So, you got a huge company now: a couple franchises; one named “yourmumsgay”, and the other “dabdabdab” (actual names I’ve seen, by the way), and have maxed out everything that can be maxed out. So now what? Well, you’re not John Rockefeller after all; there is competition in the market. The world map you’ve been buying properties from is shared between a hundred or so other people, and just like you can buy out other companies, so can they. This leads to a vicious, constantly going fight for land and resources, so I advise that, once you’ve made your fortune, you get the hell out of there. At one point, I had owned about half of the companies on the map, and within a span of 24 hours, it was all gone. The world map is very hard to fully control; constantly changing hands and splitting up, only to reform and split up again. It’s one of the more interesting mechanics I’ve seen in a game like this: you’re not just destroying castles or building alliances; you’re taking over and controlling to grow your own wealth.
The End Game
What’s your goal? Sadly, once you’ve done all of that (make money that is), there’s not much left to do. You can try to rank on the leaderboards, but it’s difficult. You can keep making money, but it’s repetitive. You can keep trying to own a monopoly on the whole map, but its ungodly risky. So, what are you left to do? Not much at all. The only sad part about this game is that there’s not much substance outside of the main gameplay. It is just a free application for your phone, so I wasn’t expecting much, but am nonetheless sad and disappointed.
As you know, I give three scores: the noob score, the pro score, and my own personal score, one right after the other. So:
For the average player, or the casual app-goer, I have to rate this game at a very solid 85/100. If you like business games that aren’t too complicated, you’re sure to get a kick out of this one. It’s easy, but difficult at the same time, and it hits a near perfect balance of laziness to let your company run itself, but energy to keep checking on it and manage your domain. A truly grand product.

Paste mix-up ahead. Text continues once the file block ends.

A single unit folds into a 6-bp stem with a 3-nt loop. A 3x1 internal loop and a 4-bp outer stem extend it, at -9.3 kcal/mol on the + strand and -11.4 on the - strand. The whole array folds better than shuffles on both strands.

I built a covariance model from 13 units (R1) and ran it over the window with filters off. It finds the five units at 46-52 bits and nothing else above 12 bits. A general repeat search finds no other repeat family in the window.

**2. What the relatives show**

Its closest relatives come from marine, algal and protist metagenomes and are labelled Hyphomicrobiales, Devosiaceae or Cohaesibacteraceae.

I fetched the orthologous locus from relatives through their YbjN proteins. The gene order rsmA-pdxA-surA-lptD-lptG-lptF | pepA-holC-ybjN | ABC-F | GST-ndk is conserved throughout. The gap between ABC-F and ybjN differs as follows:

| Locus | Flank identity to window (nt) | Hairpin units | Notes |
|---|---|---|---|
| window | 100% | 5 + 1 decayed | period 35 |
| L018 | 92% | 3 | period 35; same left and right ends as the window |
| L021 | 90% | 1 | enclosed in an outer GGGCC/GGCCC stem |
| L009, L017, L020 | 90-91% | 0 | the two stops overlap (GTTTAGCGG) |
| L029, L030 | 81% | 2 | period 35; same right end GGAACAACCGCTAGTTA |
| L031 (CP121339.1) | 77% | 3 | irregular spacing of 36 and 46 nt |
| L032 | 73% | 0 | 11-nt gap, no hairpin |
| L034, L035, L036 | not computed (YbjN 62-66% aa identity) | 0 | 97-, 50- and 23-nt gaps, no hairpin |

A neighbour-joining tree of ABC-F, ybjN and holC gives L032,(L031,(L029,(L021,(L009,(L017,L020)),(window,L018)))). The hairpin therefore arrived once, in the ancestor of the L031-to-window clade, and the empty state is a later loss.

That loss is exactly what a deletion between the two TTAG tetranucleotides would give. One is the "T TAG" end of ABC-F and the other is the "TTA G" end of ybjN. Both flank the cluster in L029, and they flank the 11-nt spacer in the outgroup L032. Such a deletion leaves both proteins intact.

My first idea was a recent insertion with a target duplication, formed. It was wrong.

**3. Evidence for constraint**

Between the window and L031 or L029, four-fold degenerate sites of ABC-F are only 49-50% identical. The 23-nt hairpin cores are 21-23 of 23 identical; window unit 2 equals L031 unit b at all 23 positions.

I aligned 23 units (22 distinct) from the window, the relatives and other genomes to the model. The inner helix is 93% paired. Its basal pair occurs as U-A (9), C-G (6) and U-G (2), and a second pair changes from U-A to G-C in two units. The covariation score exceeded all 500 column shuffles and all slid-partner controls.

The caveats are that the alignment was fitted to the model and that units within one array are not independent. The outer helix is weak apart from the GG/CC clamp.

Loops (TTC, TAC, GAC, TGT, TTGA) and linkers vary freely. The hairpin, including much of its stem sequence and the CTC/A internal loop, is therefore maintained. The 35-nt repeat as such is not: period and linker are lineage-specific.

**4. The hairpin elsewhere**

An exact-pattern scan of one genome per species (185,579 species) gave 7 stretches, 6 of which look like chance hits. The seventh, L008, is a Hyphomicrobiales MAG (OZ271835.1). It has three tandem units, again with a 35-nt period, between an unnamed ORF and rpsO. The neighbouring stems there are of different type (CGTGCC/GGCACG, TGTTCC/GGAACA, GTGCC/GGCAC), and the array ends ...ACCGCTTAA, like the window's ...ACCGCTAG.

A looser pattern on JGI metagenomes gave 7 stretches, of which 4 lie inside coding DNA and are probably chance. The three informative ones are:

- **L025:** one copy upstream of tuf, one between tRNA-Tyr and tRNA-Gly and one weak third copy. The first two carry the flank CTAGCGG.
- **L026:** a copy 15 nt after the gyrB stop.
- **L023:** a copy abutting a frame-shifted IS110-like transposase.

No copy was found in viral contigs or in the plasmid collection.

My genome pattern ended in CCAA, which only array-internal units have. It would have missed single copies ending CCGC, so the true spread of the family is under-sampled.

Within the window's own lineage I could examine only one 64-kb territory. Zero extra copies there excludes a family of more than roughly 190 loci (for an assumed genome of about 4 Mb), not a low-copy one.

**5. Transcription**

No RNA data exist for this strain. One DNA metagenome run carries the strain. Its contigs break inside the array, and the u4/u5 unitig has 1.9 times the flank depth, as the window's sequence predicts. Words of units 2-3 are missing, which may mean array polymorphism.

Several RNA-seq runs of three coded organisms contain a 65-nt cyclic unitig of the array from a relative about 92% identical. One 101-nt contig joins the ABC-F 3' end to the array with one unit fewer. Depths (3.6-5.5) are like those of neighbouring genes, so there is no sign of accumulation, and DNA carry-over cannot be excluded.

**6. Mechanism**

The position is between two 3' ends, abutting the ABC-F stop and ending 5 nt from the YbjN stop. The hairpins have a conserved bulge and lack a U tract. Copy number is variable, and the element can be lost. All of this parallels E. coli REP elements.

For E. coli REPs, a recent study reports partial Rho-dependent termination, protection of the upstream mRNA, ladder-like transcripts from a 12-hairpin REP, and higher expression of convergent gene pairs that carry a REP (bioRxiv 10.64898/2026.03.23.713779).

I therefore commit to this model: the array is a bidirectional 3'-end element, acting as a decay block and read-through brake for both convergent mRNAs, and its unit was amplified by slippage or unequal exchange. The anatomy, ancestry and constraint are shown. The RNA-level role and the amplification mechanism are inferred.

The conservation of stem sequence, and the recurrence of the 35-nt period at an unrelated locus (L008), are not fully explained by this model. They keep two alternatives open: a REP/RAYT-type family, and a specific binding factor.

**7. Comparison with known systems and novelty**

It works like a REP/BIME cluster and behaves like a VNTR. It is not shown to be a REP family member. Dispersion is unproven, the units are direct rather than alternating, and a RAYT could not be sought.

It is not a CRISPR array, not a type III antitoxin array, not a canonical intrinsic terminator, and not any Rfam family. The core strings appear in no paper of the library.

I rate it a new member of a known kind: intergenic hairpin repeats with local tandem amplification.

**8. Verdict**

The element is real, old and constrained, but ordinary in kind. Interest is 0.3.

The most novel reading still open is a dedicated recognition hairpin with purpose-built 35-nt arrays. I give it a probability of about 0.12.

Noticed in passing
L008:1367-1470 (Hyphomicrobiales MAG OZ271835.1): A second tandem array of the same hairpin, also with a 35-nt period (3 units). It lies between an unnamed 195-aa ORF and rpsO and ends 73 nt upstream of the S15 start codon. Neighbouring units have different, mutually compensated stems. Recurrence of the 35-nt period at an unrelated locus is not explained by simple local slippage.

As for the seasoned gamer, or the veteran strategist, this game also has a lot of appeal, and still hits home enough to be ranked at a 80/100. You can play it for hours straight. True, you might not be doing much, but it’s the planning that goes into it that takes time: what should I buy next? If I buy this, will people attack me? How much can I afford to put into stocks? Investments? There are a ton of different elements that are sure to keep you going for a few months or so, which makes it equally grand.
Finally, my own personal ranking still stands firmly at a 79/100. The main reason for this is because I’ve been playing it for a while now, and am getting tired of it. It was almost hard to not play it every second a month ago, but since then, its presence in my life has deteriorated. Don’t be fooled though, if your new, you’ll still get a huge kick out of it. An average experience
Finally, how do I get the game? If you’re asking yourself that, look no further! It’s available for free, and can be downloaded off of ITunes or the Google Play store; just search “Silicon Valley: Billionaire”.
Thanks for reading everyone! Did you agree with my scores? Did you think they were fair? Which categories do you fall under? Feel free to let me know down in the comments, and please leave a like if you like (and if you didn’t, tell me why!), and if you really liked, please share it with your friends. With that said, I'll be back next week with some more articles, so don’t touch that dial!